With the election now behind us, we can focus on a far less significant contest: the Oscars. While it's far too early to know what will hold up and what will crash and burn, here are the movies I think will hold up enough to be the best picture nominees this year.
My first pick: The Dark Knight. Many won't consider it because it's a comic book movie. But what they feel to realize is that it's the best comic book movie ever. It's also so much more than that, as an instant crime classic that looks at darker themes than even the real serious Oscar bait. Besides, Heath Ledger's Joker is the best villain since Hannibal Lecter. So comic books or not, I still think this is the one to beat for the win.
Next, another movie I've already seen, Slumdog Millionaire:
This is probably an even safer bet, as it's hard to imagine anyone not loving this movie, least of all Oscar voters. It's an epic, it's heartfelt, it's uplifting, and most of all it's really, really good. Acting, writing, directing, story, music, it all works together for one of the most enjoyable movies of the year. The only thing working against it is that about a third of the movie is in Hindi. It comes out November 12th, so make sure to go see it.
Another strong contender for a win (if good) is The Curious Case of Benjamin Button:
First off, the trailer looks pretty amazing. A beautiful looking film about a guy who ages backwards set against a long period of time? That sounds like Oscar territory. But add David Fincher as director, who hasn't made a bad movie since Alien 3 (Panic Room doesn't count), and Brad Pitt and Cate Blanchett giving what look to be strong performances, and I'm sold too. I just hope it lives up to the hype.
The last of my solid predictions is Milk, another one you can see before December:
Director Gus Van Sant has recently just done dull experimental films (Elephant, Paranoid Park), but he showed with Good Will Hunting how well he does mainstream. Sean Penn sometimes overacts, but this part seems like a good fit for him. The supporting cast is very strong, with Josh Brolin, James Franco, and Emile Hirsch. And after the passing of Proposition 8 in California, a film about the first openly gay elected official in San Francisco's Castro region could not be more relevant. With all the early reviews raving, this one looks like it's in.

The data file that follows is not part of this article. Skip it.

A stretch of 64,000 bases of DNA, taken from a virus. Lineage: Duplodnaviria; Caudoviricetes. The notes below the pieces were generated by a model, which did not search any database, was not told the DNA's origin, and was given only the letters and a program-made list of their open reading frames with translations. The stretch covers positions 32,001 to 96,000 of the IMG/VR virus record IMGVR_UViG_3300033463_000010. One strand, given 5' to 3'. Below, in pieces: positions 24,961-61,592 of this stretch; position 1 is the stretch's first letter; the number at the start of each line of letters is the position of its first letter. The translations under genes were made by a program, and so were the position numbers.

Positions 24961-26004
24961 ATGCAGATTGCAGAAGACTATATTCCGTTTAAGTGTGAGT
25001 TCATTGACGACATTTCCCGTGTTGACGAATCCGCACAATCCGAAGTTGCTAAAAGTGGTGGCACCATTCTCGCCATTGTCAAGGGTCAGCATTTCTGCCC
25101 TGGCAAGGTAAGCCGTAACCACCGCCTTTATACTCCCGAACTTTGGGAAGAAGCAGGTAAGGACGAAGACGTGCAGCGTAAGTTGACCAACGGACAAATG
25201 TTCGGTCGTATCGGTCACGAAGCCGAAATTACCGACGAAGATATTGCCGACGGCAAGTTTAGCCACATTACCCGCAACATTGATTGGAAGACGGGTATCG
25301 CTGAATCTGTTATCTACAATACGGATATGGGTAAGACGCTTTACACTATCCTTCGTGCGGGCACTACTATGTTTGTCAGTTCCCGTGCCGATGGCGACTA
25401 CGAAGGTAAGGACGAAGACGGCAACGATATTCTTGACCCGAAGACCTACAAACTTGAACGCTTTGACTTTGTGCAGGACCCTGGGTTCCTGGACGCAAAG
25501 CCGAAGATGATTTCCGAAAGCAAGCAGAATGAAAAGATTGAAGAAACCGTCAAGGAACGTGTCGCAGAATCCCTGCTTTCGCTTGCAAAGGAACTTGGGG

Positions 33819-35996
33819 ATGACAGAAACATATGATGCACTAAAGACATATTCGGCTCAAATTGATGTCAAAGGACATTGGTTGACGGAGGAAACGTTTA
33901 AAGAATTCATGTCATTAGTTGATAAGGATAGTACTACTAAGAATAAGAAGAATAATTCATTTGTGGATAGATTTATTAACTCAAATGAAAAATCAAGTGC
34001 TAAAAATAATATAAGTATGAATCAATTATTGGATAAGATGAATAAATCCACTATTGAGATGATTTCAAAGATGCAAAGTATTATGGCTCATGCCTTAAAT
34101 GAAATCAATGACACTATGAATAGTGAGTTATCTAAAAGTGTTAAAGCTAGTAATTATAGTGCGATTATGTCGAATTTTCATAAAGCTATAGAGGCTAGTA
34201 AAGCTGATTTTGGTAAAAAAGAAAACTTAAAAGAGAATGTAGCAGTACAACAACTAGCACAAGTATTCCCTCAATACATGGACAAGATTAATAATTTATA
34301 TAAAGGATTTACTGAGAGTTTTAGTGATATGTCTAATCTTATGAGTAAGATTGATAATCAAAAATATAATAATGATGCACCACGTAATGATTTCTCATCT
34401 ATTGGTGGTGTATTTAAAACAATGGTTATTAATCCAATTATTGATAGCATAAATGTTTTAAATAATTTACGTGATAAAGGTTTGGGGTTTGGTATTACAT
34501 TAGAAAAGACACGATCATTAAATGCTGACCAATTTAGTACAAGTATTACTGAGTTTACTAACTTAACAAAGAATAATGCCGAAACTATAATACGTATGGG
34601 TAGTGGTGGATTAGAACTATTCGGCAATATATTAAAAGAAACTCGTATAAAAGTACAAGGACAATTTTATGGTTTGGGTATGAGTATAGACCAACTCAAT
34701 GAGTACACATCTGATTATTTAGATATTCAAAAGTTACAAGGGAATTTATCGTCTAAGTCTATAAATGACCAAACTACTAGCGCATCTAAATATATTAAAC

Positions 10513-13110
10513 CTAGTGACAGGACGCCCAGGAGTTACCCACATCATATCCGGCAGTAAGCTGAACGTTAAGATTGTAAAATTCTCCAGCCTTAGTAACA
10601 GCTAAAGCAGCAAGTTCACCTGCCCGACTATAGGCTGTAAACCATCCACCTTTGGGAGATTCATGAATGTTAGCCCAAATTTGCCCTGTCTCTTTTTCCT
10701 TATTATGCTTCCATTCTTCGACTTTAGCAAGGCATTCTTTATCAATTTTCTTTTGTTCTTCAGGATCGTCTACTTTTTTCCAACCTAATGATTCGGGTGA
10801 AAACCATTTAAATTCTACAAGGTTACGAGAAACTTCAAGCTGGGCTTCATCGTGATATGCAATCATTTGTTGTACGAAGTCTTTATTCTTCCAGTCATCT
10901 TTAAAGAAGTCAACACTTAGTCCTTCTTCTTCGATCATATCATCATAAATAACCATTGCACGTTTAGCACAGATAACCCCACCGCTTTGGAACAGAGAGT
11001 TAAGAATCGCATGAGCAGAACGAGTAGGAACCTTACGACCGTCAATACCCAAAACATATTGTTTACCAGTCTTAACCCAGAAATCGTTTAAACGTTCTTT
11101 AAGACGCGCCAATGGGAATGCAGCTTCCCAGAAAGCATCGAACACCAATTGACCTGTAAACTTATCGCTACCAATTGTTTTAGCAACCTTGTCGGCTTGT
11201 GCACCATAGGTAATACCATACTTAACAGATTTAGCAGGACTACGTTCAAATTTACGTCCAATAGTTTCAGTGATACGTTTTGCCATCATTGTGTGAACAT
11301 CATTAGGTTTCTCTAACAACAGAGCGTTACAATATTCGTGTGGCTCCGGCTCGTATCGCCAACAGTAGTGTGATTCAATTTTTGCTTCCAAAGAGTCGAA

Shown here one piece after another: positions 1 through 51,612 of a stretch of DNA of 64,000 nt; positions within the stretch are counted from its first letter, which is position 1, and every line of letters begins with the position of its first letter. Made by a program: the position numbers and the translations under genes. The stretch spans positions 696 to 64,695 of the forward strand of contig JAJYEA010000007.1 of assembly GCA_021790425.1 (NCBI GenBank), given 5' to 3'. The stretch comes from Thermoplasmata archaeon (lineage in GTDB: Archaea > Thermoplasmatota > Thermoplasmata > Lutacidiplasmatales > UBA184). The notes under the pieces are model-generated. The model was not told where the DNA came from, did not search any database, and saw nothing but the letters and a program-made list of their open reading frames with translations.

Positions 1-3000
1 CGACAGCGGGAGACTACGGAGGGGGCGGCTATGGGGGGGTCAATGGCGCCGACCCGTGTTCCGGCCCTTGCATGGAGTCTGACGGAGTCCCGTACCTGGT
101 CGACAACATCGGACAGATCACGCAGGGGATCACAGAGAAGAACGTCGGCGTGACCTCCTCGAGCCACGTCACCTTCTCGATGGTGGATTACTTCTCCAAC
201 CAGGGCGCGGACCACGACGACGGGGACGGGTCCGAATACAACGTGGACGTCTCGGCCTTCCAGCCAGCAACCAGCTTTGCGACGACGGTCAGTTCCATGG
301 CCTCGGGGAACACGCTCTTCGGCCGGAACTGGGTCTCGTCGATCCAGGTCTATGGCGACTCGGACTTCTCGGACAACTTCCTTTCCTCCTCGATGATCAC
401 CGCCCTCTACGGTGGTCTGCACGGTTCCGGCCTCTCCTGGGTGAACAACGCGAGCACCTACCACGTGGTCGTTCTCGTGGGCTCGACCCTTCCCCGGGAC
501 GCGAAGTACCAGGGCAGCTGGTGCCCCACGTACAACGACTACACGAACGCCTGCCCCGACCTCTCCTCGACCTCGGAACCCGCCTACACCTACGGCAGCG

But while I feel good about the above movies' chances at this early point, there are a lot of movies that could fill the fifth slot. My current pick is Revolutionary Road:
Revolutionary Road is straight-up Oscar bait. Former winner Sam Mendes (American Beauty) is directing in familiar terrain. There's a Titanic reunion for Oscar favorites Leonardo DiCaprio and Kate Winslet. It's based on a classic novel. And it is extremely reminiscent of Mad Men, which won the Emmy for best drama. But as obvious as its Oscar aspirations are, this is one I'm actually excited for. Not only am I a fan of the book and Sam Mendes, but the trailer looks pretty fantastic. Nobody's seen it yet, but if it's as good as the trailer it will definitely be a contender.
There's also two movies based on highly respected plays, Doubt and Frost/Nixon:
Both feature great actors likely giving great performances, and each will take up many acting slots. Of the two, I'm more excited for Doubt. Part of that is because I'm more familiar with the play. But I'm also really unimpressed with the Frost/Nixon trailer. Frank Langella in his Tony-winning role doesn't seem to resemble Nixon at all. The movie seems to paint the interview as an underdog triumph, the Mighty Ducks of journalism films. The Academy does love subpar Ron Howard movies though, so certainly don't count it out. As for Doubt, it's probably too small-scale for best picture, and early word has been mixed. Both might have to settle for the acting nods.
Last of the major contenders is Australia:
Australia seems likely to either be great or terrible. It's got an old Hollywood, epic style that Oscar voters love. Baz Luhrmann seems just the director to take this kind of period piece and make it feel modern. Yet I can't say I'm too excited. With the culture clash romance, a war, and something about Nicole Kidman helping Australian kids, I don't really know what the movie will end up being about. Until anyone sees it, this remains a mystery.
Beyond those eight, there are a number of other movies still in the running. Gran Torino is the second Clint Eastwood movie this year, Changeling's bad reviews probably keeping it out of contention. You can never count out Clint Eastwood, but the trailer made it look more like a stupid action movie where an old Eastwood goes around with a shotgun killing young people for making too much noise. It looked pretty silly to me, but you never know.
The Reader has the Holocaust, Kate Winslet, and Ralph Fiennes, definite Oscar checkboxes. The trailer also looks surprisingly good. But the behind-scenes drama between the producers may be enough to sink it.
The Wrestler has mostly gotten attention for Mickey Rourke's lead performance. But after Requiem for a Dream, Darren Aronofsky has shown he's got what it takes. And people who have seen it have loved it.
Going back further, there's also arguments to make in favor of Wall-E, Rachel Getting Married, The Visitor, Changeling, Che, Defiance, Nothing But the Truth, and Seven Pounds. Something else could also surprise (Valkyrie?). I'll know better once I've seen more. But if you're looking for what to watch in preparation over the next few months, the list above should help you be well prepared when it's time to make your Oscar pool.